The VHRC ordinance offers a one-year term student position as a commissioner. The student position will become open in May as McCauley ends his term.
McCauley said the student position is a way for the commission to have a relationship with the USD student body.
“It would be my preference that it is a USD student who is very involved with the Office of Diversity or with Spectrum here on campus,” McCauley said. “They can be a representative that can bring issues that students are concerned with to the commission… students are also community members here.”
Lamont Sellers, associate vice president for diversity, is another commissioner for the VHRC.
Sellers said students will benefit from the commission because they are a large part of the Vermillion community.
“Everybody isn’t here on campus all the time, we still interact with the broader community, so I want to make sure that not only the campus is being inclusive and addressing these things, but also that the community is doing the same,” Sellers said.
The commission provides students a place to address their issues with Vermillion officials, Sellers said.
“If there are things that they are experiencing, whether it’s from housing or other things that happened throughout town, that those will things can come up through the commission to be addressed by a much larger group here in Vermillion to basically make the community better and improve the climate in the community for diversity,” Sellers said.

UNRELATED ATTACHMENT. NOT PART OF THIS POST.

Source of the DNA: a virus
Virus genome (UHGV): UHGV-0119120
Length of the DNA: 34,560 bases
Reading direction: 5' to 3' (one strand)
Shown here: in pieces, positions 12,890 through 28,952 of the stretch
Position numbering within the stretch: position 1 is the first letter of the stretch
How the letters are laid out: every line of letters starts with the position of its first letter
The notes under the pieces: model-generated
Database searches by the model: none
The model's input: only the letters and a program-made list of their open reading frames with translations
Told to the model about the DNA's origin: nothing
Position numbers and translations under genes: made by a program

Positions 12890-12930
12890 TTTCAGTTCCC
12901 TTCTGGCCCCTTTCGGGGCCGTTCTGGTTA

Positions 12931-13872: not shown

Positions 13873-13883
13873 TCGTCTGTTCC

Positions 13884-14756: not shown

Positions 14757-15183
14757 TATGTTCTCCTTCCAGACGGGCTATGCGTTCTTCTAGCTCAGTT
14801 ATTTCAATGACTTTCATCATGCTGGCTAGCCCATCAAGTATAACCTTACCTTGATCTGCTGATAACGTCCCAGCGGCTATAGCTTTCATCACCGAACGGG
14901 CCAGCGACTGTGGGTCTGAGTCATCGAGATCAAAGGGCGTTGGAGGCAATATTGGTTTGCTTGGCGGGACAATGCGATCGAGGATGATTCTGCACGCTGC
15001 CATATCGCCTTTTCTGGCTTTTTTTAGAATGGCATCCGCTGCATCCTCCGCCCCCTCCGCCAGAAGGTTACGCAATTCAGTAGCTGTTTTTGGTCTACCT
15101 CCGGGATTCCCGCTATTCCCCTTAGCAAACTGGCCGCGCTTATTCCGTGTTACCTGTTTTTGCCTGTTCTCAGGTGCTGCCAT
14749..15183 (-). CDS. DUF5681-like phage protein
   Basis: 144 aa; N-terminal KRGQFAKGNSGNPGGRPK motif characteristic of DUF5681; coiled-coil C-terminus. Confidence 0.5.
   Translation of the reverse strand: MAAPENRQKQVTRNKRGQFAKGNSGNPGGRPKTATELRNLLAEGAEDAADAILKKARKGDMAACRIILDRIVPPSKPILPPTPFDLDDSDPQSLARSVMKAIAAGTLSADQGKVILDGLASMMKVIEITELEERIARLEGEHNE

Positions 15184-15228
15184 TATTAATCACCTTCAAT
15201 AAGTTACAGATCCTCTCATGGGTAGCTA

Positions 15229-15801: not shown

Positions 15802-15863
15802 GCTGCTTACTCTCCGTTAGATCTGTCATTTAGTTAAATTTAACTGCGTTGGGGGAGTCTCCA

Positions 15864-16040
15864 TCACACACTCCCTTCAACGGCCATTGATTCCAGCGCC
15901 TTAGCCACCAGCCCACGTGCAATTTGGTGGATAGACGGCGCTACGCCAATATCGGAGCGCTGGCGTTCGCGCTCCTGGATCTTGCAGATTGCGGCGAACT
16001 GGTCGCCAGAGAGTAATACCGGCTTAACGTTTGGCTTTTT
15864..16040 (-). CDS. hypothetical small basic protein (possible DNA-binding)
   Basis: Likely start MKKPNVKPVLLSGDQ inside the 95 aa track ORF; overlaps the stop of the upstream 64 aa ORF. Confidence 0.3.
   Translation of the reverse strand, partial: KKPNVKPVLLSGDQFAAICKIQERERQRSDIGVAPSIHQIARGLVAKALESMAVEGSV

He said a welcoming environment without discrimination is critical for a minority student’s success.
“It’s a terrible thing for someone to have to live in a community that does not understand them, that does not address their needs… and then be expected to excel in academics when you have all of these other things going on for you,” Sellers said. “(I look forward to) that they’re able to find a home here that is welcoming, inviting and that can eliminate those things that present barriers to them in their academics success, their personal success, and their mental health and wellbeing.”
McCauley said the VHRC plans to partner with Spectrum and the Center for Diversity and Community for educational programs in the upcoming year.
Improving Vermillion’s MEI
The VHRC is a part of improving Vermillion’s Municipal Equality Index (MEI) score, in which the national Human Rights Campaign analyzes cities based on their diversity and inclusiveness policies. In 2015, the first year Vermillion received an MEI score, the city earned a 15/100. This year, Letellier estimated that Vermillion’s score will exceed 40/100.
Letellier said the VHRC was an important part of raising Vermillion’s MEI score.
“The way that the VHRC fits in, is that it’s one of the categories of the MEI scorecard,” he said. “If you think of it at a bigger level, the VHRC is very helpful to Vermillion, as a resource for people to go to. It does help us on the scorecard, but we did it for a lot more reasons than to just get some points.”